What should the consequence be?  Some experts suggest time outs, others just a lack of attention.  Apparently ignoring the tantrum can work well.  And for me, it has worked.  But what do you do when they’re tantruming in public.  One expert advocated for the parents to remain calm and detached.  After reading that, I started to wonder if they had kids.  It’s so hard to stay calm when your child is sprawled out on the ground somewhere with a group of onlookers.

Lucky for me, I got to try to stay calm. On the way to the park, Bobby had a meltdown. At first it was about a green dinosaur – he wanted it, then he didn’t want it, then he wanted something else, and went back to wanting the dinosaur.  Usually, I try to talk him down from his tantrum.  This time it was clear that my usual approach wasn’t going to work. So, I tried something new.  I ignored him.  I tried to keep my cool and counted to ten.  By the time I got to ten, he simmered down and was looking out the window.  So, maybe there is something to ignoring the tantrum.

Birthday Bash Baked Brie

Celebrating birthdays Sonoma style means being surrounded by close family, close friends and good food.  This is how we have been ringing in Bobby’s 3rd birthday.  The highlight food wise so far has been what I’ve named Birthday Bash Baked Brie (try to say that 10 times) or as it has also been called Brie Cobbler.   It is both easy and versatile.

You will need:

1 package of frozen puff pastry sheets

Wheel of brie

1 egg (beaten in a cup)

Two cups of fresh fruit (peaches, apples, pears would work well)

¼ cup sugar

1 Tbsp Quick cooking tapioca

Dash of cinnamon

Thaw your puff pastry sheets.  Slice your fruit.  Warm a saucepan and cook fruit with sugar, tapioca and cinnamon.  Stir frequently until the fruit is soft and the juices are thick.  About 5 minutes.  Set aside to cool.

Preheat oven to 350.

Grease an ovenproof dish with a bit of butter.  Lay one sheet of puff pastry on the bottom.  Unwrap brie and place on top.  Place fruit mixture on top of brie.  Fold pastry over brie – Depending upon size of brie, you may need another sheet of puff pastry.  Seal pastry at the seams.  And, then brush with an egg wash. Bake in oven at 350 until golden brown (about 40 minutes).  Let cool for a few minutes before serving.  Serve with crackers and/or sliced baguette.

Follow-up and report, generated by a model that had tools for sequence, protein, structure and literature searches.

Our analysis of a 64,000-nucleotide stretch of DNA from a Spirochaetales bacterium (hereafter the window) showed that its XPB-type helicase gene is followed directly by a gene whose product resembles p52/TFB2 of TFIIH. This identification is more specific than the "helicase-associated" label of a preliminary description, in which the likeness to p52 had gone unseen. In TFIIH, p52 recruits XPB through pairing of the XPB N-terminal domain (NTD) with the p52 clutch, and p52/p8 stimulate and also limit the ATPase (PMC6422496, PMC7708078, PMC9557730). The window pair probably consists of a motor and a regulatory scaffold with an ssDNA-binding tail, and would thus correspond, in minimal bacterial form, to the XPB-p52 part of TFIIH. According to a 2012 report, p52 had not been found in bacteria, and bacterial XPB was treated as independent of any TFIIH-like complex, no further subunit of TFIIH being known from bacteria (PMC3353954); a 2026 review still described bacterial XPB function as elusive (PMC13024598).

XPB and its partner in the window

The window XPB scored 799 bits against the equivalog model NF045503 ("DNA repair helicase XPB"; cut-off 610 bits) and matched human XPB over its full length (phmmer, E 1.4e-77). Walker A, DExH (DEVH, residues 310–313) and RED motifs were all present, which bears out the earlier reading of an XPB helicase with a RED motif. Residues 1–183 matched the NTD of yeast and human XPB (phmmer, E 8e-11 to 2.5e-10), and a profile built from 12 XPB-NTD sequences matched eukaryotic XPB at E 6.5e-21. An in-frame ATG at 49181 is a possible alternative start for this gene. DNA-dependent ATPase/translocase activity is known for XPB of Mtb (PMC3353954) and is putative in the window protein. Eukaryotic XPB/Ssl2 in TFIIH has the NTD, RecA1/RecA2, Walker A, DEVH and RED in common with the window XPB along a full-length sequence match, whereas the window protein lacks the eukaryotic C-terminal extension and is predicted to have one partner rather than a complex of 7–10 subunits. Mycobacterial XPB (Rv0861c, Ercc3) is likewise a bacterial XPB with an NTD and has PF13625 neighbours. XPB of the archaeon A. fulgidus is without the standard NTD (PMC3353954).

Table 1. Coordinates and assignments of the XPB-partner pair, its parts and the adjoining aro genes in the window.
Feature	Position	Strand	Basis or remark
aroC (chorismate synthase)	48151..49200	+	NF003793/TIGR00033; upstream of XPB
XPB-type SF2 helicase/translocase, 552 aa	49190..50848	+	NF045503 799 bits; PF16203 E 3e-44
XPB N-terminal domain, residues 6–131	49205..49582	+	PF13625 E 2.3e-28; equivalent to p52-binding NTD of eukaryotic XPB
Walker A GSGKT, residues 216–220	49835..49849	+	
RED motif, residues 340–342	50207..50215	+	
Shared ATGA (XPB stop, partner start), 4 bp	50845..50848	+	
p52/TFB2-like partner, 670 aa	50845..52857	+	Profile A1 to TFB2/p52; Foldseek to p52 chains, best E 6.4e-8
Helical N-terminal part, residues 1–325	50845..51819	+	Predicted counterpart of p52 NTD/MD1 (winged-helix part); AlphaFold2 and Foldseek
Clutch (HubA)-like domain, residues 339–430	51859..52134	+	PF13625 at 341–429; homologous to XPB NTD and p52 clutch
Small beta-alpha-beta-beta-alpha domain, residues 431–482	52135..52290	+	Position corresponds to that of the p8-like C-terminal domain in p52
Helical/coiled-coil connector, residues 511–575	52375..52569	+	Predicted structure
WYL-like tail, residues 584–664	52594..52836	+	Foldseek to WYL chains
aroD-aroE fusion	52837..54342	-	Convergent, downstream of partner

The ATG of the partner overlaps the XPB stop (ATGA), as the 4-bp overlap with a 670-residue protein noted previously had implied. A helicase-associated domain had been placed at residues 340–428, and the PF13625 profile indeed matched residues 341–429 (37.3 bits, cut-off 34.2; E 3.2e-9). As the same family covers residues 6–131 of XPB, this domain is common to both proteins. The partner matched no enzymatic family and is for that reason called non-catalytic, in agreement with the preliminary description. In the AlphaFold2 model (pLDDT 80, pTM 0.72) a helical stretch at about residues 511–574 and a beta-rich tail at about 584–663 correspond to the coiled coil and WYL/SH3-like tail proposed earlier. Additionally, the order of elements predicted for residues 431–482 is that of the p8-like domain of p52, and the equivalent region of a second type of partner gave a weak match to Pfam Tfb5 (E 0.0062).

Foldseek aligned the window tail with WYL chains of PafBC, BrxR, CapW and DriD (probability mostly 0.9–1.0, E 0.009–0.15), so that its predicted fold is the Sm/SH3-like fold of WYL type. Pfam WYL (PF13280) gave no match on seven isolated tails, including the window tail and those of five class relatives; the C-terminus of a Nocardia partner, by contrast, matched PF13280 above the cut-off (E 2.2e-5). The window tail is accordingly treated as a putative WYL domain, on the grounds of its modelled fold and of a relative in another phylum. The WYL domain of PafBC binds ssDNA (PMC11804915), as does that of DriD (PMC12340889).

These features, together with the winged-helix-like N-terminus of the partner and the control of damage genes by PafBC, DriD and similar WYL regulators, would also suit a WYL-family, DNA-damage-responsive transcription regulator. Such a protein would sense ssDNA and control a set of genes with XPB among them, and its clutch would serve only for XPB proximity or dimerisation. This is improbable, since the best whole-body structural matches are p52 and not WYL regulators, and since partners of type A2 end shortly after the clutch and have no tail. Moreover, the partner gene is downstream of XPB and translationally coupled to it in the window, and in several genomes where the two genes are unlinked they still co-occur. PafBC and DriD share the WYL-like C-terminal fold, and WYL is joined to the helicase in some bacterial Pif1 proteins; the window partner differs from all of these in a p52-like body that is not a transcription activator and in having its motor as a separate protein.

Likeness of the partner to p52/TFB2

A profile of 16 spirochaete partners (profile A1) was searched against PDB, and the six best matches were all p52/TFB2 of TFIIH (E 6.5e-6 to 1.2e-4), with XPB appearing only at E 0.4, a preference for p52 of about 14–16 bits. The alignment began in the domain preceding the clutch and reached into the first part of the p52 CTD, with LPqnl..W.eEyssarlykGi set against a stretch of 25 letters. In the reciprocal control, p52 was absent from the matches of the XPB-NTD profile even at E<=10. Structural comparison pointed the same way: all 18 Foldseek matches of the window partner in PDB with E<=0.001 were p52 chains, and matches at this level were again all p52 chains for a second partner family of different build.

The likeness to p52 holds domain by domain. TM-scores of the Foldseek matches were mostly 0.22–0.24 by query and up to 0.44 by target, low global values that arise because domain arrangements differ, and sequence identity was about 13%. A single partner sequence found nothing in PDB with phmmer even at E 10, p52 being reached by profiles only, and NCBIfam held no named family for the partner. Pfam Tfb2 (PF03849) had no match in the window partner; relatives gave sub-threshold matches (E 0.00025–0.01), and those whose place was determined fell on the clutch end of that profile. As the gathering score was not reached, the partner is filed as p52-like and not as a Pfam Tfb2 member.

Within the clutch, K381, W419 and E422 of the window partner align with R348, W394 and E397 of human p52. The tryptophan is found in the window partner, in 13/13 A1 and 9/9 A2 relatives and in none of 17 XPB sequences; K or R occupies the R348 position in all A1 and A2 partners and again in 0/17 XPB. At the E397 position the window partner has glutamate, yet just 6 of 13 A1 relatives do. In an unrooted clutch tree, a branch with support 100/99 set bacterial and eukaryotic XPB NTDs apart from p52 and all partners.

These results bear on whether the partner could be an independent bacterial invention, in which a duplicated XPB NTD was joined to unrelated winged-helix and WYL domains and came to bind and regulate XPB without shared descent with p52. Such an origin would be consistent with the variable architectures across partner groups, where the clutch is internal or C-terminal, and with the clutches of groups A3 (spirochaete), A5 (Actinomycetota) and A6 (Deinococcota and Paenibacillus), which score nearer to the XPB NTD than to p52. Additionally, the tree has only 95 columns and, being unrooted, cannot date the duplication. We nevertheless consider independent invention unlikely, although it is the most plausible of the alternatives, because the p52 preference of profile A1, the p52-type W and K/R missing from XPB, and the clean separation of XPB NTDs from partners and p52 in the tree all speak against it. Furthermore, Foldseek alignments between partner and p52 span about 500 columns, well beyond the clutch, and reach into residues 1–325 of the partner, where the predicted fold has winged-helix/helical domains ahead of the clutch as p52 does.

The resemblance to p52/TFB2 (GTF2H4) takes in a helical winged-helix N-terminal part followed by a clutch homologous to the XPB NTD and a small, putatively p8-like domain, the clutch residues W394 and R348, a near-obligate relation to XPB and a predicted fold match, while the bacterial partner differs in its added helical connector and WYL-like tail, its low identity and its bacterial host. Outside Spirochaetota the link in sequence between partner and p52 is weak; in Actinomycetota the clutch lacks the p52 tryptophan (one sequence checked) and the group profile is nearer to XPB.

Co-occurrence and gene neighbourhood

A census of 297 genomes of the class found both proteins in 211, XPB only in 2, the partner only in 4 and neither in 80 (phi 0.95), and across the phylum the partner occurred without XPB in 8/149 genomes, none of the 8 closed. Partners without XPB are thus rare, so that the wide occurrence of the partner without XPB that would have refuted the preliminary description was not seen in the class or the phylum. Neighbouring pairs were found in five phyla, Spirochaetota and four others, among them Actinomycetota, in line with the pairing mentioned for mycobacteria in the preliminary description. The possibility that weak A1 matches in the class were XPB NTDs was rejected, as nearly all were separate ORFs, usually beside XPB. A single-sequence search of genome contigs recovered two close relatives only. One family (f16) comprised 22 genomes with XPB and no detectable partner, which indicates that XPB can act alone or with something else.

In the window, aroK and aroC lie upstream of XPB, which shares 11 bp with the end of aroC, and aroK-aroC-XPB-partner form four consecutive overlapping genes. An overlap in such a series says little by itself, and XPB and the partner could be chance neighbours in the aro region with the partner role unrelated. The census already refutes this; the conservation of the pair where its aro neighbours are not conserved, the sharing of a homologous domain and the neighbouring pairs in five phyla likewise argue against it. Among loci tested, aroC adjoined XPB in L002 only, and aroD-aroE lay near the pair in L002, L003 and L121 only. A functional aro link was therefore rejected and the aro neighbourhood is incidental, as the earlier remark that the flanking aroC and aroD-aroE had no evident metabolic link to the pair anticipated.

Enjoy!

Trading Pumps for Pumas

We moved recently.   And in the boxes lie my collection of stiletto heels.  Beautiful leathers, bows of all sorts, silks, cheetah prints, sparkly bobbles – ohh the days of past.  Those shoes will probably stay in their boxes for awhile as I’ve swapped them with some sporty pumas equipped for running after energetic boys, climbing trees and exploring zoos.  Yes, mom shoes.

The funny thing is that more than my choice in shoes has changed these days.  My boys have turned me into a bit of a tomboy.  It may have started with trading my pumps for pumas, but honestly I think it started before that. There’s something about just needing to dress boys in jeans and vintage t-shirts that puts life into a different perspective.  I must say life is much much more full.  After all, who doesn’t love chasing dump trucks or waiting for the garbage truck to arrive?  For moms of boys, garbage day is akin to the superbowl.  Thank goodness garbage day is weekly rather than yearly!

Embracing this transition is fun.  Sure, I may not be sporting three inch heels and feminine apparel on a daily basis, but you know I am sporting two life loving bustling boys.  Nothing can compare to that.

Raising Awareness – Pinatas, Peanuts & Epi Pens

With eight percent of children having some sort of food allergy, raising awareness is important. After all, you don’t want to be the one innocently giving a child something that could trigger a life threatening reaction.

It seems that food allergies are here to stay. A 2008 by the Centers for Disease Control and Prevention showed an 18% increase in food allergy between 1997 and 2007. Peanut allergy also tripled during that time.

Some kids can react to an allergen being in the air or a handprint on a play structure, others need to ingest it. For those who have more tactile allergy triggers, the world can be a dangerous place. I’ve heard of moms leaving playgrounds when they see kids eating peanut butter and jelly sandwiches. Imagine peanut butter getting on one child’s hands and then transferring it or traces of it to the playstructure. Such a result could present a serious danger to some children.

A small number of foods are responsible for 80% of all allergies (milk, wheat, soy, eggs, fish and nuts). The most common childhood allergies are to milk, wheat, soy, eggs. These allergies are likely to resolve during childhood. Other allergies, like to nuts and fish are said to be more long term.